Poster A7, Saturday, March 25, 5:00 – 7:00 pm, Pacific Concourse
Feedback guided learning: prefeedback alpha modulates utilization of outcome information
Berry van den Berg1,2, Benjamin Geib1, Rene San Martin1,3, Monicque Lorist2, Marty Woldorff1; 1Duke University, 2University of Groningen, Univ Med Ctr Groningen, The Netherlands, 3Universidad Diego Portales, Santiago, Chile
Deciding about making changes to behavior to optimize outcomes is a crucial component of learning and for successful navigation in the world. Here, we used electrical brain recordings (EEG) to map the cascade of cortical processes underlying such learning. Participants were presented with miniblocks of 20 trials. On each trial, they had to choose between either a face or a house, which was followed by feedback consisting of either a loss or a gain. During each miniblock, either the face or the house was somewhat more likely to lead to a gain (62.5%/37.5%). Neurally, as participants learned whether house or face choices were more likely to lead to a reward in a particular miniblock, we observed increased prefeedback oscillatory alpha power (8-14Hz) marking decreased cortical activity, as well as decreased amplitude of the feedback-evoked, attention-related P3 component. Additionally, prefeedback alpha predicted the utilization of outcome information, based on whether participants would decide to switch their choice on the next trial. That is, if they received a loss, lower vs. higher pre-feedback alpha predicted a higher vs. lower probability of switching on the next trial, an effect essentially absent if the feedback was a gain. Finally, the feedback-related negativity (FRN), a rapid-latency feedback-elicited ERP component reflecting outcome-valence evaluation, did not change with learning. In sum, the present study mapped the neural processes by which prefeedback electrical brain activity (alpha power) modulates the utilization of outcome information to facilitate learning, even prior to post-feedback activity reflecting the detection of valence outcome.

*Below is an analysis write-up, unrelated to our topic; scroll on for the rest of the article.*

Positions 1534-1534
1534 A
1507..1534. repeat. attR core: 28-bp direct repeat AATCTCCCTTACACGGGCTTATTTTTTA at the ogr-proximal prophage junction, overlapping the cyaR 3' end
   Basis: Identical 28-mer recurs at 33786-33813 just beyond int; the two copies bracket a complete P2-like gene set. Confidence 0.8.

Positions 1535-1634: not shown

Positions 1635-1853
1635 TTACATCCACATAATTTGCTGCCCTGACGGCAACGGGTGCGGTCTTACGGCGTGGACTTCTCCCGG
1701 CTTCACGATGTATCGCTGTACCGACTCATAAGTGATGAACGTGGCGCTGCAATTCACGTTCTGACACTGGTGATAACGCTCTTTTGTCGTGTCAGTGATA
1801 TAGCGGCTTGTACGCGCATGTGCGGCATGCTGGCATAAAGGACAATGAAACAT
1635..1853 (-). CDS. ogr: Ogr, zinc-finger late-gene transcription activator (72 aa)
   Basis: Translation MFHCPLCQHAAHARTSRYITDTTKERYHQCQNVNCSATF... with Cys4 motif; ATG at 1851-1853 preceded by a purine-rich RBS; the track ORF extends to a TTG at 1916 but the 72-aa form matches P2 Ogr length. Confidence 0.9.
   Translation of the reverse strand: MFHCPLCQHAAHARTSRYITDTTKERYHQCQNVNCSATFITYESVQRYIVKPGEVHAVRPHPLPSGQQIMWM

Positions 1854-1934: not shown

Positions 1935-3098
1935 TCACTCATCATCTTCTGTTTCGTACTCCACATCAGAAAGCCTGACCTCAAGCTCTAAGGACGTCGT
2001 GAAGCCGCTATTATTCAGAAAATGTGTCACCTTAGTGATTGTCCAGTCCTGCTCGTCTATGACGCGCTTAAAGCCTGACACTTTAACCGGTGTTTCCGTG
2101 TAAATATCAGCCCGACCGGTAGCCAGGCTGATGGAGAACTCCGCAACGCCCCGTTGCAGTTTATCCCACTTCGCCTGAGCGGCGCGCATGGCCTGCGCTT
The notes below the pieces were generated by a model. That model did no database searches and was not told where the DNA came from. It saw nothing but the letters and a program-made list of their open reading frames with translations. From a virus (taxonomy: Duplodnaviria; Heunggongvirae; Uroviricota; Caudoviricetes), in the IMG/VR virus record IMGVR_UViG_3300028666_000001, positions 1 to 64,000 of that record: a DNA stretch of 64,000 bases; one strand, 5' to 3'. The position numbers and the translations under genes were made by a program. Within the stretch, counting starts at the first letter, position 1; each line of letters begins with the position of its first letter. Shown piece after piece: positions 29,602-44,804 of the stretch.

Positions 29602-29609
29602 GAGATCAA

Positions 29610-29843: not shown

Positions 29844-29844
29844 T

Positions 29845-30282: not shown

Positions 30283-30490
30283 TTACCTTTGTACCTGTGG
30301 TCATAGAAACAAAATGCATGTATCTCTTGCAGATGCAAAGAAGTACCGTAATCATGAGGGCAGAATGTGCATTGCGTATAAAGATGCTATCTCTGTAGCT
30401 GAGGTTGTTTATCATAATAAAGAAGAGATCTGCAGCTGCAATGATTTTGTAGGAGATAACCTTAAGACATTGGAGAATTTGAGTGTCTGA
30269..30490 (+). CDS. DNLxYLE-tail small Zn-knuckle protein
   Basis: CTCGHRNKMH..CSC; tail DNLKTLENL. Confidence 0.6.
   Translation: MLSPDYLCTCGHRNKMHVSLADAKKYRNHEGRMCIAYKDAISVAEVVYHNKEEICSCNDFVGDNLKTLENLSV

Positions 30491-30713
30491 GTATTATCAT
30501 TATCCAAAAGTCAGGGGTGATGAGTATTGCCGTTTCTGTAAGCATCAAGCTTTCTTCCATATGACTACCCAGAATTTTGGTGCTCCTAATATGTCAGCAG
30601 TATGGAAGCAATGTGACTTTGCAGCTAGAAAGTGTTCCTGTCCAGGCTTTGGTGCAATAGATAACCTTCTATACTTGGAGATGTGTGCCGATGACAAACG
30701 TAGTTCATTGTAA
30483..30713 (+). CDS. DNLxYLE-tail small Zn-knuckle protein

Topic Area: ATTENTION: Nonspatial